The fur trade, both in the pelts of foxes and other animals, played a major role in the development of North America, and continues to be a major international economic force today. Many early Canadian settlements were established to exploit the beaver, fox, otter, and other animals. While the trade opened up much of the continent to settlement, it came at the price of disrupting Native American culture. The capturing of fur bearing animals distracted the indigenous people from their traditional hunts (such as the caribou), while increasing their dependence on the white man.
The numbers of animals taken is impressive. During a seventy year period between 1821 and 1871, a total of over five million red fox pelts (about 74,000 annually) were taken. Seventeen million pelts were taken in the former USSR between 1924 and 1958. Over the last century, an average of 100,000 arctic fox have been trapped world wide each year. My most recent figures are for the year 1969 when 30,000 red foxes were caught in Canada at an average value of $12.80/pelt. The same year, 20,000 arctic foxes were captured at $15.60/pelt. When one extrapolates these figures into modern terms and multiplies by the number of years the fur trade has existed, it doesn´t take long to get an exciting number. Nevertheless, corporate greed has frequently attempted to boost these numbers further.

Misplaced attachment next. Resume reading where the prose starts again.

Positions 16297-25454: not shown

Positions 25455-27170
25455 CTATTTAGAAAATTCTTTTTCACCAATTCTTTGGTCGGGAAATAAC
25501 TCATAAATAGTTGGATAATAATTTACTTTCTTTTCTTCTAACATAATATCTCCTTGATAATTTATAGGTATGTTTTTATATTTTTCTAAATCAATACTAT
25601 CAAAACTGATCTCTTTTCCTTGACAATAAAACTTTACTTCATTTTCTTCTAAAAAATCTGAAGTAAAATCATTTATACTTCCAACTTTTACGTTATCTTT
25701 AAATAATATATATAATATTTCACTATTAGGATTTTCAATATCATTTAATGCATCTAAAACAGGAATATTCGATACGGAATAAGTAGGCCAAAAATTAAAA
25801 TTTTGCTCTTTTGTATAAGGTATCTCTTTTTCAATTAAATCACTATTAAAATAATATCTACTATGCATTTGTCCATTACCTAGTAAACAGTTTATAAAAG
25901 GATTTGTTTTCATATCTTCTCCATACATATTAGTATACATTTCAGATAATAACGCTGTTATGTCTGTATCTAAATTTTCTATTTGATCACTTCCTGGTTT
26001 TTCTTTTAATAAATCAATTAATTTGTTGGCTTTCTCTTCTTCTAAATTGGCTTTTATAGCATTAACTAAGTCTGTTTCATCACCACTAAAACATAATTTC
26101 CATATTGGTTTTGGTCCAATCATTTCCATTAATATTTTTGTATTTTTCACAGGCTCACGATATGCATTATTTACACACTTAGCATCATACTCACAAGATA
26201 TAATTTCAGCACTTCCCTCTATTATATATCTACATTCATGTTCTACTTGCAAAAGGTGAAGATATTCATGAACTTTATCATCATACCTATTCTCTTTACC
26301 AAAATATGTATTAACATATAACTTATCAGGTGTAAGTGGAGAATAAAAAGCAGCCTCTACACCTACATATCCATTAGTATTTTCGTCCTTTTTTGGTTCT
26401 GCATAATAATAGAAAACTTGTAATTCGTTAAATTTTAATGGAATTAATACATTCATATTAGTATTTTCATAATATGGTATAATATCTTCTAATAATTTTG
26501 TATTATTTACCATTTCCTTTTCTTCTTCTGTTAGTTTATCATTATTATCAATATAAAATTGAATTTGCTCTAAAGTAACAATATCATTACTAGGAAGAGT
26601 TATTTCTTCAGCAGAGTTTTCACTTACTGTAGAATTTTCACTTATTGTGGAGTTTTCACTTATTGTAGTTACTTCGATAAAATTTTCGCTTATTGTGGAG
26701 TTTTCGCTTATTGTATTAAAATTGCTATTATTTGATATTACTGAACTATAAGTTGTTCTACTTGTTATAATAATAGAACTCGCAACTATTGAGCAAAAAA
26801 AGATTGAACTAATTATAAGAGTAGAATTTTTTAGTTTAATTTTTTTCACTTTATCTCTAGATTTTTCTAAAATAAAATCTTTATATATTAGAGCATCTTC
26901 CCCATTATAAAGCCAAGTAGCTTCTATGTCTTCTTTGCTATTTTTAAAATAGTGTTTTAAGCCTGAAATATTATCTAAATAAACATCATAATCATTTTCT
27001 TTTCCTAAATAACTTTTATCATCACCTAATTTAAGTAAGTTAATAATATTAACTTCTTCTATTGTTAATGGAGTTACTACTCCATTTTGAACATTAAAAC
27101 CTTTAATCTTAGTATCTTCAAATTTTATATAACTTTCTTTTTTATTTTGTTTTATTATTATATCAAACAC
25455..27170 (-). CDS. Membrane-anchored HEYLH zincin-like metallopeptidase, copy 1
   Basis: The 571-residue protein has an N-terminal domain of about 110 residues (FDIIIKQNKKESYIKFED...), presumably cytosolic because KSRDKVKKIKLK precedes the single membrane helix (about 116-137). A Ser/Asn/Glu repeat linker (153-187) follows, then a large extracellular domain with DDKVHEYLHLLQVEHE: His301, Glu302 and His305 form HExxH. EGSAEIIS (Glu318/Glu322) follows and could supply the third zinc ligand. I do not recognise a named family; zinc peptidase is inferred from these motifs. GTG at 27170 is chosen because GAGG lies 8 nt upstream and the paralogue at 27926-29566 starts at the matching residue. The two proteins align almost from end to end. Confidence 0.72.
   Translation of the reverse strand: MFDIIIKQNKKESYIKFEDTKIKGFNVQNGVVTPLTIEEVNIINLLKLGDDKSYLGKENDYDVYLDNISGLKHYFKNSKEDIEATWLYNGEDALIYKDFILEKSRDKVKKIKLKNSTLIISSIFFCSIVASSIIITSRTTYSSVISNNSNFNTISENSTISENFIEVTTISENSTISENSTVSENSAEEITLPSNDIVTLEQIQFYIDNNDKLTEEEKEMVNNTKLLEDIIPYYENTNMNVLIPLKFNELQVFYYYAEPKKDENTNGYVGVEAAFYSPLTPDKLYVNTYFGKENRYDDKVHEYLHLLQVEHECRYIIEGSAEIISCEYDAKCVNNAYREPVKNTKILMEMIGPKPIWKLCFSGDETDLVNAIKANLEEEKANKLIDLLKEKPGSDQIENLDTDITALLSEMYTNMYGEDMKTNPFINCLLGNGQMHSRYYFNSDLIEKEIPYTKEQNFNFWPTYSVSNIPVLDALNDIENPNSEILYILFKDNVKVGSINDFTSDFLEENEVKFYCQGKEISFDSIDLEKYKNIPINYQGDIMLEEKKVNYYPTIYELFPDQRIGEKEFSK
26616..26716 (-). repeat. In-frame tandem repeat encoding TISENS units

Rebecca Grambo describes some of those attempts in "The Nature of Foxes". Starting in the 1830´s, some companies attempted to increase profits by establishing foxes on several Alaskan islands. This met with enough of a degree of success that by the 1920´s and ´30´s, the practice was being carried out indiscriminately. The result has been the widespread elimination of entire populations of shorebirds on those islands.
Modern fox farming has grown in popularity due to its increased efficiency and claims that it is more humane than trapping. Allegations of stress due to extreme overcrowding in the farms demonstrates that the argument is by no means one sided. Nevertheless, a quarter of all fox pelts from North America are now supplied by farms, and other regions of the world also carry out this practice.
There´s no easy answer regarding the ethics of the fur industry. When one weighs animal cruelty and the environmental impact of fur farms against a human need for cultural preservation and jobs, it´s very easy to get muddled. Add to that the fact that fur ranchers and trappers frequently hurl accusations of cruelty at one another, while comparing themselves to members of the much more respected meat industries and things become even more confused. Regardless of one´s opinions, it is a very emotional issue that is difficult to argue civilly and intelligently (see how long you can maintain a thread on the subject on Usenet without it degrading into a flame war). For my part, I simply choose not to buy the products offered. It is the consumer who supports the ranchers, trappers and fashion designers, and despite spirited philosophical debate, it is ultimately the individual who will decide the fate of the fur industry.
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